China-Central Asia Pipeline Fosters Shared Future


Modiarov Behzod woke up at 6 am, refreshed and geared up for yet another day of work deep in the desert.

The August sun had already begun to shine brightly and the azure-blue sky was gradually clearing up after the sandy conditions of the previous night had dissipated.

Braving heatwaves, Behzod, an operator in a natural gas field, and his colleagues headed to their workstation in the vast Karakum Desert, situated in the Central Asian country of Turkmenistan, renowned for holding the world’s fourth-largest natural gas reserves.

Central Asia to China flow

Behzod hails from Turkmenistan and pursued his university education in China. After completing his studies, he returned to his homeland to pursue a career in the natural gas industry with China National Petroleum Corp’s Amu Darya River gas project, CNPC’s largest overseas natural gas project with a peak production capacity of 41 million cubic meters per day.

The process of gas networks and their flow is highly intricate. Freshly extracted gas from over 100 wells scattered across the desert is channeled through gathering stations before being transported to the processing plant for a series of essential procedures, including desulfurization, decarbonization, dehydration and de-hydrocarbonation.

After thirty minutes, the gas reaches the border area between Turkmenistan and Uzbekistan 10 kilometers away and merges into the China-Central Asia natural gas pipeline, jointly operated by CNPC and its local partners.

Starting from the first compressor station, the natural gas in the pipeline will travel nearly 2,000 km eastward over the next 84 hours, traversing wild deserts and grasslands, reaching the Chinese border city of Horgos in the Xinjiang Uygur autonomous region.

“There are four gas sources for the pipeline network. The two main gas sources are from Turkmenistan, accounting for three-quarters of the total intake. In addition, there are gas sources in Uzbekistan and Kazakhstan,” said Zuo Dong, director of the Shymkent office of the China-Kazakhstan natural gas pipeline joint venture of Sino-Pipeline International Co, adding that the pipeline network has greatly boosted the energy infrastructure interconnection between China and Central Asian countries.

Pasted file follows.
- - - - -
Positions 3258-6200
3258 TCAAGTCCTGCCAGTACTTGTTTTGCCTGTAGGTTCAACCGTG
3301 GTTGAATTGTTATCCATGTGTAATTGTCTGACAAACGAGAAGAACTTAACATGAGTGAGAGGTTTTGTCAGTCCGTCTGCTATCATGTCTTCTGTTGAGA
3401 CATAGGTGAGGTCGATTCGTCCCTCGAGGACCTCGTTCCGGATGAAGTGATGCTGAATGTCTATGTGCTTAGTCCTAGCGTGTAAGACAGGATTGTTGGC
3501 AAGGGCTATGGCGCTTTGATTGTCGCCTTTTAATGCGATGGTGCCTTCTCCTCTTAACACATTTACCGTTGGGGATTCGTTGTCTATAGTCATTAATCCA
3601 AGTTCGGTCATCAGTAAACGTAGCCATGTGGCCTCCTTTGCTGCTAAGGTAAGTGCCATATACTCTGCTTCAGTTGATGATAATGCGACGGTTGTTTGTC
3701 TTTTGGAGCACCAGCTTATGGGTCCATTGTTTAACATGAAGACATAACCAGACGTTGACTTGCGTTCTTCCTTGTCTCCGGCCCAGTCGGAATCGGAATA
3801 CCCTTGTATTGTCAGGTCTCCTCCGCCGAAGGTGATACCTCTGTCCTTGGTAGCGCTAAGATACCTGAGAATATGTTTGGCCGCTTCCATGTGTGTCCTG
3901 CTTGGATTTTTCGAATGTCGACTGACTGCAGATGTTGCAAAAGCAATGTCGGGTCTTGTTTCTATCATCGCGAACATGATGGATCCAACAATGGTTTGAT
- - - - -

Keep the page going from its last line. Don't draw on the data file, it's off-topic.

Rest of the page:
New Silk Road of Energy

On Dec 14, 2009, the heads of state of China, Turkmenistan, Uzbekistan and Kazakhstan jointly inaugurated the China-Central Asia natural gas pipeline. Since a part of the pipeline network runs parallel to the ancient Silk Road, it has been deemed the “New Silk Road of Energy”.

In Horgos, the gas is compressed again before it is conveyed further inland. Each day, up to 160 mcm of gas can be processed here. To put it simply, 300 cubic meters of gas, enough to meet the needs of a household of three for a year, flow through Horgos in the blink of an eye.

From Horgos, the gas from Central Asia links up with China’s West-to-East Gas Pipeline, which transmits the gas further to various Chinese regions, including Shanghai, Fuzhou in Fujian province and Hong Kong.

Data showed that in 2022, Horgos Station delivered about 43 billion cubic meters of natural gas via the pipeline, accounting for 11.8 percent of China’s consumption in the same year.

Fu Mingfu, deputy general manager of West Pipeline Co under China Oil & Gas Pipeline Network Corp, said that as of now, more than 440 bcm of natural gas from Central Asia have been delivered, benefiting nearly 500 million people across China.

Through cooperation in the natural gas sector with China, Central Asian countries are also integrated into the huge energy market. In Turkmenistan, Dec 14 has been designated as the Day of Oil and Gas Industry Workers, as this date marks the official inauguration of the pipeline.

“In Kazakhstan and Uzbekistan, we have created more than 11,000 temporary positions and provided over 1,600 long-term jobs. Over the 30-year operational span of the pipeline, it is also expected to generate tens of billions of dollars in tax revenue,” said Meng Xiangdong, executive director of Sino-Pipeline International Co.

Currently, the China-Central Asia natural gas pipeline network has three lines in operation, namely Line A, B and C, while Line D is under construction.

During the China-Central Asia Summit held in May this year, China proposed to forge a China-Central Asia energy development partnership, accelerate the construction of Line D of the natural gas pipeline, increase oil and gas trade, develop energy cooperation across the industrial chain, boost cooperation in new energy and enhance the peaceful use of nuclear energy.

Stronger human bonds

The New Silk Road of Energy holds greater significance than just an energy transmission line. Recently, Chen Kuan’s twin boys celebrated their 5th birthday. The children are named Yi Dai and Yi Lu, meaning “One Belt” and “One Road”, respectively.

Chen is an employee of the China-Uzbekistan natural gas pipeline joint venture company. He worked as a cook for the JV, where fate intervened, bringing him together with Agafya, who was an employee at a gas compressor station. This twist of fate led to their deep and enduring love story.

In Chen’s words, the pipeline not only connected China and Central Asian countries through an energy supply system, but also gave him the chance to meet his wife.

“The friendship between China and the people of the countries along the route is growing ever stronger, and the road to happiness in the future will only extend longer,” said Kairat Ospankulov, deputy general manager in charge of construction for the China-Kazakhstan natural gas pipeline JV.

Source : Chinadaily